• Smith, Frederick M. (2008). Asian Ethnology. 67 (1): 167–169. JSTOR 25135297.CS1 maint: untitled periodical (link)
    • Mills, Martin (March 2008). The Journal of the Royal Anthropological Institute. 14 (1): 230. JSTOR 20203618.CS1 maint: untitled periodical (link)
    • Filibeck, Elena De Rossi (2009). Central Asiatic Journal. 53 (1): 155–160. JSTOR 41928508.CS1 maint: untitled periodical (link)
    • Huber, Toni (August 2009). The Journal of Asian Studies. 68 (3): 970–972. JSTOR 20619825.CS1 maint: untitled periodical (link)
  8. ^ Reviews of The Tibetan Assimilation of Buddhism:
    • Cabezón, José Ignacio (October 2002). The Journal of Religion. 82 (4): 679–680. JSTOR 1206566.CS1 maint: untitled periodical (link)
    • Schaeffer, Kurtis R. (July 2004). Religion. 34 (3): 250–253. doi:10.1016/j.religion.2004.04.012.CS1 maint: untitled periodical (link)
  9. ^ Reviews of Reason's Traces:
    • Siderits, Mark (October–December 2004). Journal of the American Oriental Society. 124 (4): 824–828. doi:10.2307/4132138. JSTOR 4132138.CS1 maint: untitled periodical (link)
    • Yoshimizu, Chizuko (2011). "Western Explorations into Eastern Spiritual Worlds". Indo-Iranian Journal. 54 (2): 149–173. JSTOR 24665112.
  10. ^ Reviews of Sources of Tibetan Tradition:
    • Doney, Lewis (2014). Bulletin of the School of Oriental and African Studies, University of London. 77 (1): 248–249. JSTOR 24692629.CS1 maint: untitled periodical (link)
    • Foreign Affairs. 93 (3): 195. May–June 2014. JSTOR 24483456.CS1 maint: untitled periodical (link)
    • van Schaik, Sam (January–March 2015). Journal of the American Oriental Society. 135 (1): 151–153. doi:10.7817/jameroriesoci.135.1.151. JSTOR 10.7817/jameroriesoci.135.1.151.CS1 maint: untitled periodical (link)
    • Holmes-Tagchungdarpa, Amy (June 2016). Journal of World History. 27 (2): 373–378. JSTOR 43901867.CS1 maint: untitled periodical (link)
  11. ^ Review of Esoteric Buddhism at Dunhuang:
    • McClellan, Joe (February 2011). The Journal of Asian Studies. 70 (1): 225–227. JSTOR 41302240.CS1 maint: untitled periodical (link)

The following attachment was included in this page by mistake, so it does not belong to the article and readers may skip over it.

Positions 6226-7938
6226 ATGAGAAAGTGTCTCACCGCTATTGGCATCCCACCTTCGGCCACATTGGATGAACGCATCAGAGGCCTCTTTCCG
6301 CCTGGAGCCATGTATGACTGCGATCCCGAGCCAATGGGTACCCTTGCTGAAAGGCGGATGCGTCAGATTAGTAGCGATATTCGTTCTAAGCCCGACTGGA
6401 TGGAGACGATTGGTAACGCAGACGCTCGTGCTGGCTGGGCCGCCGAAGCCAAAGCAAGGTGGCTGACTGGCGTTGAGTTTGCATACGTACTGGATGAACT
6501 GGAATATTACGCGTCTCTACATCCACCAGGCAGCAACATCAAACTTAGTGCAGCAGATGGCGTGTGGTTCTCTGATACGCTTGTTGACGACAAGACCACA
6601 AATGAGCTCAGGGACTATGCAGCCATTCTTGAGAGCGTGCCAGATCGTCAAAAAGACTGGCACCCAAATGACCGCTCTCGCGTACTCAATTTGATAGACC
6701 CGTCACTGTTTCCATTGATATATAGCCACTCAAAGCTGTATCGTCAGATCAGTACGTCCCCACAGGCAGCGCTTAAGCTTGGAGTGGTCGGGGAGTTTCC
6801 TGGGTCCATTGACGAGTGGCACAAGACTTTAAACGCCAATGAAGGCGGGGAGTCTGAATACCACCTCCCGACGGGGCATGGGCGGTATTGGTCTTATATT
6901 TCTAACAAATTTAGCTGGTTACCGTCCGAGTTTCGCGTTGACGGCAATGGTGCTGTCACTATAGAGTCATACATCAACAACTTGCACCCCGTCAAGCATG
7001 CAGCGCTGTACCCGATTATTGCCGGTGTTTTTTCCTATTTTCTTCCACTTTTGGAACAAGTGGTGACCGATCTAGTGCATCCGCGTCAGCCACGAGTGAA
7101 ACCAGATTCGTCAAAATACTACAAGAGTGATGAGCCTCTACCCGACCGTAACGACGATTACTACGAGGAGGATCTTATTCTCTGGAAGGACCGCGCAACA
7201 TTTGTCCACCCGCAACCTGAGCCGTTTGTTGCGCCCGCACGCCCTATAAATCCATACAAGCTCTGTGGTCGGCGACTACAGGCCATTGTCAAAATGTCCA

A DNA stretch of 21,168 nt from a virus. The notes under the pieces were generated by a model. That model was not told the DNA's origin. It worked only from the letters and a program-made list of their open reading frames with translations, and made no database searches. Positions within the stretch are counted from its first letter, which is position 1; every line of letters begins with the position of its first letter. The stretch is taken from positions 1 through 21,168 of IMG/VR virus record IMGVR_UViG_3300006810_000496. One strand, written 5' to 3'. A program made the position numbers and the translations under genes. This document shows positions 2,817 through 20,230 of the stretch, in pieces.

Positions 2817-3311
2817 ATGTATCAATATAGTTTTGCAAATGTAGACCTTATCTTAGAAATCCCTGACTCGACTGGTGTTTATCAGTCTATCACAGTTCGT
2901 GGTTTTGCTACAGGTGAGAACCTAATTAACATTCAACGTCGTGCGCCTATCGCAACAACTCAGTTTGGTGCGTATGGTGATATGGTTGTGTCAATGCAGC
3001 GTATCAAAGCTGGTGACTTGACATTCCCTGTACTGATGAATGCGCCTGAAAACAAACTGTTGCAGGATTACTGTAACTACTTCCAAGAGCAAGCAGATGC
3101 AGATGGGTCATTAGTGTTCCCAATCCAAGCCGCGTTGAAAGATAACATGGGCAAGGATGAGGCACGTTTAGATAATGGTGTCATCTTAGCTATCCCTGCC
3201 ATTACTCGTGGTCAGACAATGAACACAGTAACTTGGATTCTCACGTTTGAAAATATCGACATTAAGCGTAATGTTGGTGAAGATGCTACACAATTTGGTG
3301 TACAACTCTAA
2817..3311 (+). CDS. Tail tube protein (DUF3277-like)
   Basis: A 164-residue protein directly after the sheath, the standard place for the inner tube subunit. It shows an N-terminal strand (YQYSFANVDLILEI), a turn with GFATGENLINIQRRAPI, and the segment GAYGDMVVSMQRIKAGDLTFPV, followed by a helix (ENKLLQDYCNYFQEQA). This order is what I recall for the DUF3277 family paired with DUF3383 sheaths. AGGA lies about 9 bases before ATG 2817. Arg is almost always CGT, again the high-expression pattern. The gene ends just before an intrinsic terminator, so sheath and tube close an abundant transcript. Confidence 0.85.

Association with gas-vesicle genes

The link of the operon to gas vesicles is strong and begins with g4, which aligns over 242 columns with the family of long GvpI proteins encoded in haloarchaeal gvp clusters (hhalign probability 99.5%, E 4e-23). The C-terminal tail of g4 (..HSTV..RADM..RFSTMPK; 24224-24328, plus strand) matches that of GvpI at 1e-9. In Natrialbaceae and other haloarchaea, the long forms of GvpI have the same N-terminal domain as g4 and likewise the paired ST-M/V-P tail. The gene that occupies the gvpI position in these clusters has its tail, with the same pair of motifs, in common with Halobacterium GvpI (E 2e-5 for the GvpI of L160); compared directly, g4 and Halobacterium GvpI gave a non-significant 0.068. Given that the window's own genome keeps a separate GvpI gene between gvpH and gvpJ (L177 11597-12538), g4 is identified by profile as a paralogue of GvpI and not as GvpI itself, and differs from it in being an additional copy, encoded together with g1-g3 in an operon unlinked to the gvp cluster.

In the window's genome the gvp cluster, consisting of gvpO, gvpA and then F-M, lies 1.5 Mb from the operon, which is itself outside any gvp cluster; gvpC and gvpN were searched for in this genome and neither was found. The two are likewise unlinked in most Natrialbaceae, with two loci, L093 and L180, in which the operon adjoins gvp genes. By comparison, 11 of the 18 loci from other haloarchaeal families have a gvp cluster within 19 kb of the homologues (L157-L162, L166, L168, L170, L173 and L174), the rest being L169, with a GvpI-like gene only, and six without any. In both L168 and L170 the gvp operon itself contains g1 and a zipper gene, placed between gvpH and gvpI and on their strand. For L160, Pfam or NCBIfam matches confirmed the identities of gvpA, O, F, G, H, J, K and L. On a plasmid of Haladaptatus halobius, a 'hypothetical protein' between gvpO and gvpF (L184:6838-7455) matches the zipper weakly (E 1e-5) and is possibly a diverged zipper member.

12. ^ Review of Contributions to the Cultural History of Early Tibet:
    • Denwood, Philip (2008). Bulletin of the School of Oriental and African Studies, University of London. 71 (3): 583–585. JSTOR 40378820.CS1 maint: untitled periodical (link)
  13. ^ Review of The Presence of Light:
  14. ^ Review of The Nyingma School of Tibetan Buddhism:
    • Griffiths, Paul J. (November 1994). History of Religions. 34 (2): 192–194. JSTOR 1062988.CS1 maint: untitled periodical (link)
  15. ^ Reviews of Buddhism in Contemporary Tibet:
    • Chayet, Anne (1999). Revue Bibliographique de Sinologie. 17: 461–462. JSTOR 24581801.CS1 maint: untitled periodical (link)
    • Mills, Martin (June 1999). The Journal of the Royal Anthropological Institute. 5 (2): 311–312. doi:10.2307/2660732. JSTOR 2660732.CS1 maint: untitled periodical (link)
    • Heimsath, Kabir M. (Winter 1999). The Tibet Journal. 24 (4): 62–68. JSTOR 43300775.CS1 maint: untitled periodical (link)
    • Templeman, David (January 2000). The China Journal. 43: 183–185. doi:10.2307/2667557. JSTOR 2667557.CS1 maint: untitled periodical (link)
    • Childs, Geoff (February 2000). American Ethnologist. 27 (1): 192–193. JSTOR 647140.CS1 maint: untitled periodical (link)
    • Raverty, Thomas D. (March 2000). American Anthropologist. 102 (1): 191–193. JSTOR 683578.CS1 maint: untitled periodical (link)
    • Levine, Nancy E. (August 2000). The Journal of Asian Studies. 59 (3): 726–728. doi:10.2307/2658968. JSTOR 2658968.CS1 maint: untitled periodical (link)
    • McKhann, Charles F. (October 2001). The Journal of Religion. 81 (4): 695–696. JSTOR 1206103.CS1 maint: untitled periodical (link)
    • Tsomo, Karma Lekshe (Spring 2002). China Review International. 9 (1): 124–126. JSTOR 23729546.CS1 maint: untitled periodical (link)

External links[edit]